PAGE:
The swell is strong and it is difficult even to keep ourselves seated, so almost everyone is lying down. The swinging lasted only two hours, or may be three, but the fight against this movement is enough to leave a trace in all of us, tired of this intense wrestling with the Ocean. I try to write an entry in our diary, but the sea PARADISES any possibility of moving in a coordinated way. I start thinking of all the diaries in which, throughout history, explorers, scientists, and also artists, have recorded their thoughts and observations while traveling in the sea. It would be amazing to read all the entries on the storms they experienced, on their bad days, on their sense of wonder. I would love to read, as well, all their entries on the millions of times they felt the sea, the boats, nature and its experience, awake in them an intense sense of bonding... I imagine infinite descriptions of bliss... leaving behind in the writer—and the reader—a strange joy of hope originating from a profound concern with the possibility of disappearance, indeterminacy, and traumatic exposure after the hard days in the sea. And the sad vision of all the people seeking precarious asylum in foreign lands and disappearing beneath the waves assaults me. I think about pain, the body in pain, and how we fail to go beyond seeing its image as an analytical and conceptual resource for thinking through the notion of subjectivity in light of current political priorities... Corporeality has been perpetually colonized... and also there we need a liberation movement, one that will allow for a more intimate relationship with all the bodies existing, one that will made all these bodies explicit, that resists attempts to bring them under control whether by science, theory, fundamentalism, or neoliberal surveillance.

Day 7: March 19th, Sunday

Latitude: 37° 38 79 E
Longitude: 176 ° 08 95 E
Swell: harbor


Folding into being, unfolding into life. Redwoods. Mud. I quote from Alan Kemp “Mudrocks are some of the most common yet least glamorous geological formations. They erode easily so they are often eclipsed by more robust and photogenic outcrops of granite, sandstone or limestone. Yet mudrocks are an important archive of the Earth’s history, and contain the detritus of the physical and biogeochemical cycles that shape and regulate global systems.”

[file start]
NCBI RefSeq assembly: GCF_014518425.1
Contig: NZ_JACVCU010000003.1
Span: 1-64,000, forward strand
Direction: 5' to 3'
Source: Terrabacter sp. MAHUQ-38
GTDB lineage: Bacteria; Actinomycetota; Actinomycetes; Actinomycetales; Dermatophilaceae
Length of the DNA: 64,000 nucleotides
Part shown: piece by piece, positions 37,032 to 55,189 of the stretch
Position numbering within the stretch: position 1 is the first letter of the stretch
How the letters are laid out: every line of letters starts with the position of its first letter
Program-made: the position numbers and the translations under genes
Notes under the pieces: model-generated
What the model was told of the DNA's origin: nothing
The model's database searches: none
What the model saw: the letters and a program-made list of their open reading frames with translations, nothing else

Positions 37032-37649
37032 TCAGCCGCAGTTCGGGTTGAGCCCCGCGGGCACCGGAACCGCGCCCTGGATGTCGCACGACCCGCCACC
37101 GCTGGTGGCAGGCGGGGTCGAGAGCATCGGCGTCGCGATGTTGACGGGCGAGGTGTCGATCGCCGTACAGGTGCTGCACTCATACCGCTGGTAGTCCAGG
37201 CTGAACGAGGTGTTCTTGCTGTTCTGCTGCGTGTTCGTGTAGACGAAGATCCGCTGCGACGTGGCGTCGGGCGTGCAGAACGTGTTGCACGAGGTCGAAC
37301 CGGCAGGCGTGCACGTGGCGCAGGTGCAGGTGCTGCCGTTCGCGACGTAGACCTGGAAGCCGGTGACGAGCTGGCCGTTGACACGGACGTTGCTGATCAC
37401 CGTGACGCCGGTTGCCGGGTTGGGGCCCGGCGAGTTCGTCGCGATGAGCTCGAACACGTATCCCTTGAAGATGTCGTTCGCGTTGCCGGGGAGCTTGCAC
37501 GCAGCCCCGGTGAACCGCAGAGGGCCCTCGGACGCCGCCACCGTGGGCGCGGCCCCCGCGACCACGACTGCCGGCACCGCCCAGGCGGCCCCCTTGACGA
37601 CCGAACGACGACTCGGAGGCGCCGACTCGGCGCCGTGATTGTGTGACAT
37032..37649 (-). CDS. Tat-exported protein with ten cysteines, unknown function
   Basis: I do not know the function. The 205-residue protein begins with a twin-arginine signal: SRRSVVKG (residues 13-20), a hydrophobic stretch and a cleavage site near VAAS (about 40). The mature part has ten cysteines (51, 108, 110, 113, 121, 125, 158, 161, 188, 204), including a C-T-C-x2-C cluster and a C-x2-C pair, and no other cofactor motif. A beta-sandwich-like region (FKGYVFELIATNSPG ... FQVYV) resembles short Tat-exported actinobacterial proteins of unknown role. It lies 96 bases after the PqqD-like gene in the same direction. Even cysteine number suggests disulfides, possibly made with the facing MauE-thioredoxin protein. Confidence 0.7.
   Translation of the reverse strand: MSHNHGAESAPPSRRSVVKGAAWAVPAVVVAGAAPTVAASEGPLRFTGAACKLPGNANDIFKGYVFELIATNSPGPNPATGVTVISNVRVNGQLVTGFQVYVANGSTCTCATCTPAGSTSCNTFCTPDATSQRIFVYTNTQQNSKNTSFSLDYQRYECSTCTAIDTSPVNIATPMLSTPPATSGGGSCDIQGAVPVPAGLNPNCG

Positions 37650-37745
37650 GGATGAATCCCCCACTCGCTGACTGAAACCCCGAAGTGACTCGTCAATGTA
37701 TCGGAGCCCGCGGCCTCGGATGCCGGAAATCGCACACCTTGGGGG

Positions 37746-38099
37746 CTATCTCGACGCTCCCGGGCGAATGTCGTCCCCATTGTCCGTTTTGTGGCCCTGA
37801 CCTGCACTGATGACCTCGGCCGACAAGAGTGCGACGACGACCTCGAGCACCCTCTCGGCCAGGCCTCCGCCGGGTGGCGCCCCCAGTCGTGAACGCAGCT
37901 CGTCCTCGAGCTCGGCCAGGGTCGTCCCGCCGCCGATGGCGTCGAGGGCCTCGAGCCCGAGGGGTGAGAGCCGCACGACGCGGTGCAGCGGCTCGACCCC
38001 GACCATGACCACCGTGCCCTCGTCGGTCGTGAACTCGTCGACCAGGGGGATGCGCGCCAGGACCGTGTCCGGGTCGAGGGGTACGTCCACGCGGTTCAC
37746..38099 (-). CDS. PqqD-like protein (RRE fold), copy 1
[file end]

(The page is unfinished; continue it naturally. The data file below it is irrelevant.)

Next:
Day 8: March 20th, Monday


Imagine being in a forest, an incredibly wild forest, an thinking about the jinnis -نجلا- the demons, those like the famous inhabitant of the lamp of Aladdin. Do you remember the Tales of A Thousand and One Nights? When Antoine Galland translated them into French from Arabic at the beginning of the eighteenth century, they transformed the imagination of the time. The night of May 8, 1709, Antoine Galland made a note in his diary about an extraordinary tale the Syrian merchant Hanna Diyab had just told him: “Aladdin and the Wonderful Lamp.” That night in Paris was a dramatic one, marked by riots over food shortages. Diyab arrived in the French capital during this period and turned some of the dark nights into true storytelling sessions that changed the course of a A Thousand and One Nights; the tales he told were added to the translation and became part of world heritage through literature. It is interesting to note, that the notion of Zeitgeist appears a little later than the French translation of the Arabian Nights (1717). There is absolutely no evidence of any connection between the jinni of Hanna Diyab’s lamp and Zeitgeist and yet, I propose METAMORPHOSES as a study of the importance of those images on the possibility of magically adopting another form without “loosing”, about the importance of an inexhaustible will to interpenetrate the real.

Day 9: March 21th, Tuesday

Latitude: 36° 11 90 S
Longitude: 175 ° 20 90 E
Swell: harbor


Writing a diary of a research trip is not equal to the research. I was relieved by reading the structure of Darwin’s diaries, on the left his comments and observations, on the right page of the notebook, his comments on personal matters and personal life. This parallel is impressively eloquent, it shows the need to observe and concentrate while traveling, but also the importance of being in this task as part of the larger task of connecting and introducing this study exercise in a larger project, one that has public and personal implications. If he would not record his efforts together with his personal worries, he could not be able to determine how much his life project, science, work, affect the type of person he is, the influence on his subject of study on his own mind. While traveling, my main, important task is to reach a state where you can absorb the most.